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Intelligence Unbound: The Future of Uploaded and Machine Minds

ISBN: 978-1-118-73641-8
344 pages
August 2014, Wiley-Blackwell
Intelligence Unbound: The Future of Uploaded and Machine Minds (1118736419) cover image

Description

Intelligence Unbound explores the prospects, promises, and potential dangers of machine intelligence and uploaded minds in a collection of state-of-the-art essays from internationally recognized philosophers, AI researchers, science fiction authors, and theorists.

  • Compelling and intellectually sophisticated exploration of the latest thinking on Artificial Intelligence and machine minds
  • Features contributions from an international cast of philosophers, Artificial Intelligence researchers, science fiction authors, and more
  • Offers current, diverse perspectives on machine intelligence and uploaded minds, emerging topics of tremendous interest
  • Illuminates the nature and ethics of tomorrow’s machine minds—and of the convergence of humans and machines—to consider the pros and cons of a variety of intriguing possibilities
  • Considers classic philosophical puzzles as well as the latest topics debated by scholars
  • Covers a wide range of viewpoints and arguments regarding the prospects of uploading and machine intelligence, including proponents and skeptics, pros and cons
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Table of Contents

Notes on Contributors ix

Introduction I: Machines of Loving Grace (Let’s Hope) 1
Damien Broderick

Introduction II: Bring on the Machines 11
Russell Blackford

1 How Conscience Apps and Caring Computers will Illuminate and Strengthen Human Morality 26
James J. Hughes

2 Threshold Leaps in Advanced Artificial Intelligence 35
Michael Anissimov

3 Who Knows Anything about Anything about AI? 46
Stuart Armstrong and Seán ÓhÉigeartaigh

4 Nine Ways to Bias Open-Source Artificial General Intelligence Toward Friendliness 61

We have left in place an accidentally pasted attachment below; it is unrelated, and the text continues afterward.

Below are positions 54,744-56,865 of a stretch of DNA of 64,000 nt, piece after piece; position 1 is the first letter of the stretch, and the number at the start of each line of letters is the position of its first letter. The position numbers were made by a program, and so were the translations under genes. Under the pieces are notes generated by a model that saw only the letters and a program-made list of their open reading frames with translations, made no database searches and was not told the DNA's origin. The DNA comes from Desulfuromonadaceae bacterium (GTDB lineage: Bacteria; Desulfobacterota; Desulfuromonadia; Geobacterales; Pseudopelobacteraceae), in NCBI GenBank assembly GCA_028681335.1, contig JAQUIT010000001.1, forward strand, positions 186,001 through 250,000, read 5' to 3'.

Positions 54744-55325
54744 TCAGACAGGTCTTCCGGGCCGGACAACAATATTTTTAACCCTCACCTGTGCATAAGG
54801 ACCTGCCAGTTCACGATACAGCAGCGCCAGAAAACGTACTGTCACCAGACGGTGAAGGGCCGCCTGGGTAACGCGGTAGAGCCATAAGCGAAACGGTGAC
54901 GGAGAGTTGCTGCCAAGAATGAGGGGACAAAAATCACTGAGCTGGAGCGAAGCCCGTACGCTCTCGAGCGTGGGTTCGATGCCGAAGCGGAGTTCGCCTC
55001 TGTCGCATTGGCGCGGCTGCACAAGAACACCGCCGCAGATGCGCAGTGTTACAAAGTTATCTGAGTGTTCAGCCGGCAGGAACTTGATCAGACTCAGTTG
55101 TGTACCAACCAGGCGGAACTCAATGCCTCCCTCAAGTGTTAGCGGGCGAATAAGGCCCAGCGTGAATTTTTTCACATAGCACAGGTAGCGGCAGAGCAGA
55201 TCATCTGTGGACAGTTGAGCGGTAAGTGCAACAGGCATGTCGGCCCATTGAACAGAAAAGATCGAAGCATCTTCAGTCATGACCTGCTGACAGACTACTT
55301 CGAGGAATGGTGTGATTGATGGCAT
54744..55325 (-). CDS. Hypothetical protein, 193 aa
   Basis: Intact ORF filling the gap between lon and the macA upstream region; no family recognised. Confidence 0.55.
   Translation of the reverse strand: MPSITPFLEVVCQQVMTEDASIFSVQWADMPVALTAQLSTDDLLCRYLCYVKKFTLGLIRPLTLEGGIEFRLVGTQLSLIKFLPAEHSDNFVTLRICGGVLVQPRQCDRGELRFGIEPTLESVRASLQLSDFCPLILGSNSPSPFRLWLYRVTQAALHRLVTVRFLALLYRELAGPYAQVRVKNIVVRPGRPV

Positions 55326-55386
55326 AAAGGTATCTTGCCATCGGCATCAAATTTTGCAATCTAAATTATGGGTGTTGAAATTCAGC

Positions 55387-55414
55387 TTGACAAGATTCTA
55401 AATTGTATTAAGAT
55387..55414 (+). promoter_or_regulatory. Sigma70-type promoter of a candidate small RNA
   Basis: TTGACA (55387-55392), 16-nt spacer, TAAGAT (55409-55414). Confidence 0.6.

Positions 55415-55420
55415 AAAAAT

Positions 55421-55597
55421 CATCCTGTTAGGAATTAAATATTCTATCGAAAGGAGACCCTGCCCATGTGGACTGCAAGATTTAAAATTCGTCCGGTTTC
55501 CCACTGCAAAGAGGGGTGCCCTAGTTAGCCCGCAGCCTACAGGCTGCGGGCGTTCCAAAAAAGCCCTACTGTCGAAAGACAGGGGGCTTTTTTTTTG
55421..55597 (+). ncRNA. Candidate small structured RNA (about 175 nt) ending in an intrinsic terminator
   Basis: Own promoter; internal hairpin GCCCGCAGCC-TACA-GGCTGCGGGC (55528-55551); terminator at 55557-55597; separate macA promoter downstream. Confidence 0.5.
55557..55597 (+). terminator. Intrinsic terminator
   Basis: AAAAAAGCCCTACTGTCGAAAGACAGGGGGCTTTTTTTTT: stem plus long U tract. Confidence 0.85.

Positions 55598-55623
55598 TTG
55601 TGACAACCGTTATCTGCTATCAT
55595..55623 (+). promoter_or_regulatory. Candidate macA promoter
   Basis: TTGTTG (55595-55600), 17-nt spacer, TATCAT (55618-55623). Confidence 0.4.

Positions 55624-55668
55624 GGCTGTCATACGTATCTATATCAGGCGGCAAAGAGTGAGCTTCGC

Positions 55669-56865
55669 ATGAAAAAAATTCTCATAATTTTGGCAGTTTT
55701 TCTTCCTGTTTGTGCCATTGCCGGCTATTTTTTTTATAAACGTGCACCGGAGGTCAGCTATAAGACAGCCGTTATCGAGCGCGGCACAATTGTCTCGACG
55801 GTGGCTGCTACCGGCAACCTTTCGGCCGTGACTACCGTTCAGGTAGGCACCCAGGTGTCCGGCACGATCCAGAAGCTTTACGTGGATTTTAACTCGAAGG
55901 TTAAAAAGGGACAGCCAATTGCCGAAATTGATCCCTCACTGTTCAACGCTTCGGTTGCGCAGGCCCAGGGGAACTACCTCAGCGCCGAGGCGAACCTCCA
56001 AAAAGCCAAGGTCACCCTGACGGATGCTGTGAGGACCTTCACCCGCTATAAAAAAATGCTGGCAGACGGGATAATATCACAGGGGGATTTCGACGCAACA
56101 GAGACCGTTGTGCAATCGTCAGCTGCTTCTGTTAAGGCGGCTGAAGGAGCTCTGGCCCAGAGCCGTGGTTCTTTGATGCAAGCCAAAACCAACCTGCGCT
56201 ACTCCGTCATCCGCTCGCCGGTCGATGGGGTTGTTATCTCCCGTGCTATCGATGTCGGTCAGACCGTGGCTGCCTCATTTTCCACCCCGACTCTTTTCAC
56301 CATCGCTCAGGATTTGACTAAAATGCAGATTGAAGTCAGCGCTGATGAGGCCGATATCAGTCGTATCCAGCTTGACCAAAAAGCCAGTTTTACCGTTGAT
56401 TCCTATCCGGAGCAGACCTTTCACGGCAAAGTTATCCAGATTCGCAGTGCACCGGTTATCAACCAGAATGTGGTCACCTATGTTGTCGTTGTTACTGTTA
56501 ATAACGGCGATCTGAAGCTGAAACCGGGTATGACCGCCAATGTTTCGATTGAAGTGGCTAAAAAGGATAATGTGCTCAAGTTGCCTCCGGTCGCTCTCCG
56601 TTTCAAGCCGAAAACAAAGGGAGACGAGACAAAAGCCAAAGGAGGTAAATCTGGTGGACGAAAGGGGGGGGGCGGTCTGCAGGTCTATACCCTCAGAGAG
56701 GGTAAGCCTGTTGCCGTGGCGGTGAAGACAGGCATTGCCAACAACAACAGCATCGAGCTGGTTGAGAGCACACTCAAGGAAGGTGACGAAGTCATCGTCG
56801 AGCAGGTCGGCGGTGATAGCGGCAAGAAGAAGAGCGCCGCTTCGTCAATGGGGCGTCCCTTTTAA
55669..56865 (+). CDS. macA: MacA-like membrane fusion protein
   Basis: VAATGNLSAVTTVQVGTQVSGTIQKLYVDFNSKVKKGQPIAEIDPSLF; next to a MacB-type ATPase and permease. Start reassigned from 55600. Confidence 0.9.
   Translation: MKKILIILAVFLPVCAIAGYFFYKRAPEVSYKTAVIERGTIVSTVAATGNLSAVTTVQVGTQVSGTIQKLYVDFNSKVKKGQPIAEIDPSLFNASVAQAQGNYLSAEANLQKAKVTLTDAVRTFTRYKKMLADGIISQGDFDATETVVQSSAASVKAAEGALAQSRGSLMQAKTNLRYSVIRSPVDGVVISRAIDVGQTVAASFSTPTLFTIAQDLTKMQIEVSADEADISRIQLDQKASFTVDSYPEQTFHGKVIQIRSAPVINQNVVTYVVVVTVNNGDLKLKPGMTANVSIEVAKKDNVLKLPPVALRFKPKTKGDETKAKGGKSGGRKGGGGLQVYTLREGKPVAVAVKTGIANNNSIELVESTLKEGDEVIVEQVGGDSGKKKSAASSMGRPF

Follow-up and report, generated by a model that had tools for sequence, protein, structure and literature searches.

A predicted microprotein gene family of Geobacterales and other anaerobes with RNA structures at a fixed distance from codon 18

Ben Goertzel and Joel Pitt

5 Feasible Mind Uploading 90
Randal A. Koene

6 Uploading: A Philosophical Analysis 102
David J. Chalmers

7 Mind Uploading: A Philosophical Counter-Analysis 119
Massimo Pigliucci

8 If You Upload, Will You Survive? 131
Joseph Corabi and Susan Schneider

9 On the Prudential Irrationality of Mind Uploading 146
Nicholas Agar

10 Uploading and Personal Identity 161
Mark Walker

11 Whole Brain Emulation: Invasive vs. Non-Invasive Methods 178
Naomi Wellington

12 The Future of Identity: Implications, Challenges, and Complications of Human/Machine Consciousness 193
Kathleen Ann Goonan

13 Practical Implications of Mind Uploading 201
Joe Strout

14 The Values and Directions of Uploaded Minds 212
Nicole Olson

15 The Enhanced Carnality of Post-Biological Life 222
Max More

16 Qualia Surfing 231
Richard Loosemore

17 Design of Life Expansion and the Human Mind 240
Natasha Vita-More

18 Against Immortality: Why Death is Better than the Alternative 248
Iain Thomson and James Bodington

19 The Pinocchio Syndrome and the Prosthetic Impulse 263
Victor Grech

20 Being Nice to Software Animals and Babies 279
Anders Sandberg

21 What Will It Be Like To Be an Emulation? 298
Robin Hanson

Afterword 310
Linda MacDonald Glenn

Index 321

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Author Information

Russell Blackford is an Australian philosopher, literary critic, and author, based at the University of Newcastle, NSW. He is editor-in-chief of The Journal of Evolution and Technology, and his books include Freedom of Religion and the Secular State (Wiley-Blackwell, 2014).

Damien Broderick is an award-winning Australian science and fiction writer, editor and critical theorist. He has written or edited some 60 books, including The Spike (revised, ed. 2002), the first full-length treatment of the technological Singularity, and Year Million (ed. 2008), about the deep future.

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Reviews

"As can be seen from my comments for story ideas, this book is also a ripe ground to get your imagination working and if you want to be involved in writing the next generation of SF stories, definitely deserves a read."  (SFCrowsnest.org.uk, 1 September 2014)

"These engrossing reflections on the plausibility of advanced AI and uploading inspire a wealth of profound questions about who or what we believe ourselves to be."
Wendell Wallach, Yale Interdisciplinary Center for Bioethics

"If humanity survives for thirty years, the topic of this book may be the most important there is. The book is readable, fun and stuffed with expertise. So read it."
David Braddon-Mitchell, University of Sydney

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